Security flaw lets attackers recover private keys from Qualcomm chips
Devices using Qualcomm chipsets, and especially smartphones and tablets, are vulnerable to a new security bug that can let attackers retrieve private data and encryption keys that are stored in a secure area of the chipset known as the Qualcomm Secure Execution Environment (QSEE).
Qualcomm has deployed patches for this bug (CVE-2018-11976) earlier this month; however, knowing the sad state of Android OS updates, this will most likely leave many smartphones and tablets vulnerable for years to come.
What is the QSEE?
The vulnerability impacts how the Qualcomm chips (used in hundreds of millions of Android devices) handles data processed inside the QSEE.
The QSEE is a Trusted Execution Environment (TEE), similar to Intel’s SGX.
It’s a hardware-isolated area on Qualcomm chips where the Android OS and app developers can send data to be processed in a safe and secure environment, where the Android OS and no other app can reach and access the sensitive data, except the application that placed the data there, in the first place.
Data processed inside the QSEE usually includes private encryption keys and passwords, but the QSEE can handle anything an app wants to hide from prying eyes.
In March last year, Keegan Ryan, a security researcher with the NCC Group, discovered that Qualcomm’s implementation of the ECDSA cryptographic signing algorithm allowed for the retrieval of data processed inside the QSEE secure area of Qualcomm processors.
To exploit this vulnerability, an attacker would need root access on a device, but this isn’t actually such a big hurdle as it sounds because malware that can gain root access on Android devices is quite common these days, being spotted in many places, and even on the Play Store.
Further, Ryan also points out that the QSEE was designed to prevent situations where attackers had full control over the device, meaning that the QSEE was failing at the primary function it was designed for.
“This should not be possible, since the hardware-backed keystore is supposed to prevent any sort of key extraction, even against an attacker who has fully compromised the Android OS,” Ryan said.
In a whitepaper published this week, Ryan described how he discovered this vulnerability. He said he used a tool named Cachegrab to analyze the Qualcomm memory caches to identify small leaks in the ECDSA cryptographic data-signing process implemented on QSEE chips.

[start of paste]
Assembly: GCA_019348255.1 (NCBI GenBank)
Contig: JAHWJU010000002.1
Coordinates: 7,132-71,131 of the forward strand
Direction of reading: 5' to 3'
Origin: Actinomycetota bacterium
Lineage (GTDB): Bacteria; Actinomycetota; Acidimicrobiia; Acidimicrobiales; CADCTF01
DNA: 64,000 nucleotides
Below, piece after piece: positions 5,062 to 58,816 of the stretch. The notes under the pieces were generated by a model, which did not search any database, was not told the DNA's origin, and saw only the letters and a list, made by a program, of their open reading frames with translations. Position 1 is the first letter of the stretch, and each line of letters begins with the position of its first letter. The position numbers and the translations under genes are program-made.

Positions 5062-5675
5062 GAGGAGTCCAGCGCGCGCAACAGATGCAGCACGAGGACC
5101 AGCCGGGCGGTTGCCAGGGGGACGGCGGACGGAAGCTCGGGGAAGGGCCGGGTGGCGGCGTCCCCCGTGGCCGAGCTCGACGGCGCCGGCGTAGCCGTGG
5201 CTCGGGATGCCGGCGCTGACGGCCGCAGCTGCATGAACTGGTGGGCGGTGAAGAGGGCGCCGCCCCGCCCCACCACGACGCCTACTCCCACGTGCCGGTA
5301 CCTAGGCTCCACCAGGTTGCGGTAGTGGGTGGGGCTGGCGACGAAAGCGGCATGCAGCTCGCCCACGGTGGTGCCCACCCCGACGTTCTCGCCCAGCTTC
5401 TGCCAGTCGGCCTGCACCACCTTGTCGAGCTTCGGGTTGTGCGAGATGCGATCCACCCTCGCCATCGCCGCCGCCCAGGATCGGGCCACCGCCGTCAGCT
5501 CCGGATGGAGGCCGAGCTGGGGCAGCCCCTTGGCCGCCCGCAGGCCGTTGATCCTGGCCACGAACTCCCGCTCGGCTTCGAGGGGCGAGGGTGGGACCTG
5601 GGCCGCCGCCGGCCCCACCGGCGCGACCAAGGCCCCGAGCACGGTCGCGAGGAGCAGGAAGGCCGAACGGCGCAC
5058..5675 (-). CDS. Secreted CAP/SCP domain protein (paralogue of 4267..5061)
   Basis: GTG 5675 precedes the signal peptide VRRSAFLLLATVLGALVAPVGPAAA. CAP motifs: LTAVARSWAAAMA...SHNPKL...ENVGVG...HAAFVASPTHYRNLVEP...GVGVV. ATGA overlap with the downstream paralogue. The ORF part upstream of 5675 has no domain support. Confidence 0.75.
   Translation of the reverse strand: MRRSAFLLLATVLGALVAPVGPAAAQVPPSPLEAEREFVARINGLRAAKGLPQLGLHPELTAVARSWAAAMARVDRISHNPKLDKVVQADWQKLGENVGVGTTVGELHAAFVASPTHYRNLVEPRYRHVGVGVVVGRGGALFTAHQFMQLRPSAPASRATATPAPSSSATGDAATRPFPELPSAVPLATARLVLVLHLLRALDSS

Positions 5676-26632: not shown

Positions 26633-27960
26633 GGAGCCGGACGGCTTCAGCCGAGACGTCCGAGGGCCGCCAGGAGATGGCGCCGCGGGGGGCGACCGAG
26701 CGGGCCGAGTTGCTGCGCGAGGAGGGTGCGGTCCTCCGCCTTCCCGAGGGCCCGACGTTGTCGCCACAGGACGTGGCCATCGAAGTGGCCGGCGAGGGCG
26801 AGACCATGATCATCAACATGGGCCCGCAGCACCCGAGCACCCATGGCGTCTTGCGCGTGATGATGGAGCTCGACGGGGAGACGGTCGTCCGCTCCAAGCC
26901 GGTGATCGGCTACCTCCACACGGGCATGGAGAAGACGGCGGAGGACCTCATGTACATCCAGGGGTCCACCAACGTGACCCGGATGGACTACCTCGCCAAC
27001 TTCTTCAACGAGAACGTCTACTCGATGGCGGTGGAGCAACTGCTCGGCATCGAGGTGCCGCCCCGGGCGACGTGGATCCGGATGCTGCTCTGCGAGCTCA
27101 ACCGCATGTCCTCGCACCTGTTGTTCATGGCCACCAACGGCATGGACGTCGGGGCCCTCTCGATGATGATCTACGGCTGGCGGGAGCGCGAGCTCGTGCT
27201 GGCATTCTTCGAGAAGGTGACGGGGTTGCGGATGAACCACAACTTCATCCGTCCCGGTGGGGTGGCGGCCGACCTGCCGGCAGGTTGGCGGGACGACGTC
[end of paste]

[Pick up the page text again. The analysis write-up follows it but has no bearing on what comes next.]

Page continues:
“We found two locations in the multiplication algorithm which leak information about the nonce,” Ryan said. “Both of these locations contain countermeasures against side-channel attacks, but due to the spatial and temporal resolution of our microarchitectural attacks, it is possible to overcome these countermeasures and distinguish a few bits of the nonce.”
“These few bits are enough to recover 256-bit ECDSA keys,” Ryan said.
The security researcher said he successfully tested the attack in a real-world scenario on a Nexus 5X device, from where he recovered a P-526 encryption key from the device’s hardware-backed QSEE keystore.
The vulnerability has the potential to undermine the security of all Android and IoT devices where a QSEE component is used to secure sensitive information.
Ryan said he notified Qualcomm about this severe flaw last year, and that the company released firmware patches earlier this month, which have been included with Google’s Android April 2019 security update.
According to a separate Qualcomm security advisory, the chipmaker has listed the following chipsets as affected.
IPQ8074, MDM9150, MDM9206, MDM9607, MDM9650, MDM9655, MSM8909W, MSM8996AU, QCA8081, QCS605, Qualcomm 215, SD 210/SD 212/SD 205, SD 410/12, SD 425, SD 427, SD 430, SD 435, SD 439 / SD 429, SD 450, SD 615/16/SD 415, SD 625, SD 632, SD 636, SD 650/52, SD 712 / SD 710 / SD 670, SD 820, SD 820A, SD 835, SD 845 / SD 850, SD 8CX, SDA660, SDM439, SDM630, SDM660, Snapdragon_High_Med_2016, SXR1130
Android device owners who are using one of these Qualcomm CPU models and are using their device for sensitive operations should look into ways of updating their smartphones with the latest Android OS security patch.
Not the first QSEE major bug
This is also not the first time security researchers have found a vulnerability that allows attackers to retrieve data from the QSEE.
A similar issue (CVE-2015-6639) was disclosed in May 2015 by security researcher Gal Beniamini.
At the time, secure authentication provider Duo Security said that Qualcomm chipsets were being used on around 60% of all Android enterprise devices, a percentage that has since increased, as Qualcomm chips have become even more popular.